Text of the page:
Translabial three-dimensional ultrasonography compared with magnetic resonance imaging in detecting levator ani defects - Abstract

OBJECTIVE: To assess the diagnostic performance of translabial three-dimensional ultrasonography in detecting major levator ani defects in women with pelvic organ prolapse compared with magnetic resonance imaging (MRI) and to assess the interobserver agreement in detecting levator ani defects with translabial three-dimensional ultrasonography.

METHODS: In a multicenter cohort study, 140 women indicated for primary surgery of pelvic organ prolapse quantification stage II or more cystocele were included. Patients undergoing mesh surgery or concomitant stress incontinence surgery were excluded. All consenting patients underwent translabial three-dimensional ultrasonography and MRI of the pelvic floor before surgery. Two observers (out of a pool of four observers) assessed translabial three-dimensional ultrasound images; two other observers (out a pool of five observers) assessed MRIs for levator ani muscle damage. In case of disagreement, the images were discussed in a consensus meeting.

RESULTS: Of the 135 scans, 45 major levator ani defects were detected on ultrasonogram (33.3%) and 32 were confirmed at MRI (23.7%). Of the 41 major levator ani defects detected on MRI, nine were missed at translabial three-dimensional ultrasonogram. Sensitivity was 0.78 (32 of 41) (95% confidence interval [CI] 0.65-0.91) and specificity was 0.86 (81 of 94) (95% CI 0.79-0.93) in detecting major levator ani defects with translabial three-dimensional ultrasonography compared with MRI. There was good agreement scoring levator ani defects on translabial three-dimensional ultrasonography, with a κ of 0.67 (95% CI 0.58-0.76); agreement in recognizing major levator ani defects was moderate, with a κ of 0.53 (95% CI 0.37-0.69).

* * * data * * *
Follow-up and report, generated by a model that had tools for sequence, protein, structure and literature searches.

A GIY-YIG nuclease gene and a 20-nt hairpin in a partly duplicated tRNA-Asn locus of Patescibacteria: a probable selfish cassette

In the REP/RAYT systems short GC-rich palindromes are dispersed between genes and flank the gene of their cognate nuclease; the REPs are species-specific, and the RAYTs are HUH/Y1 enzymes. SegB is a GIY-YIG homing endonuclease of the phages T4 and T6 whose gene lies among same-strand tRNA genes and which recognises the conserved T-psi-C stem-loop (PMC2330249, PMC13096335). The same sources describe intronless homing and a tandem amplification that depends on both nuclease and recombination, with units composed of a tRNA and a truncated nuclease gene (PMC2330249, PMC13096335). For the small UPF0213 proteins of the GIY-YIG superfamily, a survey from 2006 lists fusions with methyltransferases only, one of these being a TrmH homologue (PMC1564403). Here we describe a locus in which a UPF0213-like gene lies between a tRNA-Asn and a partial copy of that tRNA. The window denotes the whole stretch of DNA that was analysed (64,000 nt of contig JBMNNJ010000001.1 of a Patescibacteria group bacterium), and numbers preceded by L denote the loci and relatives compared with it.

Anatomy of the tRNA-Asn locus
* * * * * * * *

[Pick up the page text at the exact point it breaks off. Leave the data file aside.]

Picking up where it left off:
CONCLUSION: Translabial three-dimensional ultrasonography shows reasonable agreement with MRI in detecting major levator defects. Because of the moderate interobserver agreement, it will be difficult to implement ultrasonography in daily practice.

Written by:
Notten KJ, Kluivers KB, Fütterer JJ, Schweitzer KJ, Stoker J, Mulder FE, Beets-Tan RG, Vliegen RF, Bossuyt PM, Kruitwagen RF, Roovers JP, Weemhoff M.   Are you the author?
Departments of Obstetrics and Gynaecology and Radiology, Maastricht University Medical Center, Maastricht; University Medical Center Nijmegen, Nijmegen; Departments of Radiology, Obstetrics and Gynaecology, and Epidemiology, Amsterdam Medical Center, Amsterdam; Department of Radiology, Atrium Medical Center, Heerlen; and 10GROW-School for Oncology and Developmental Biology, Maastricht University Medical Center, Maastricht, The Netherlands.

Reference: Obstet Gynecol. 2014 Dec;124(6):1190-7.
doi: 10.1097/AOG.0000000000000560

PubMed Abstract
PMID: 25415171 Trauma & Reconstruction Section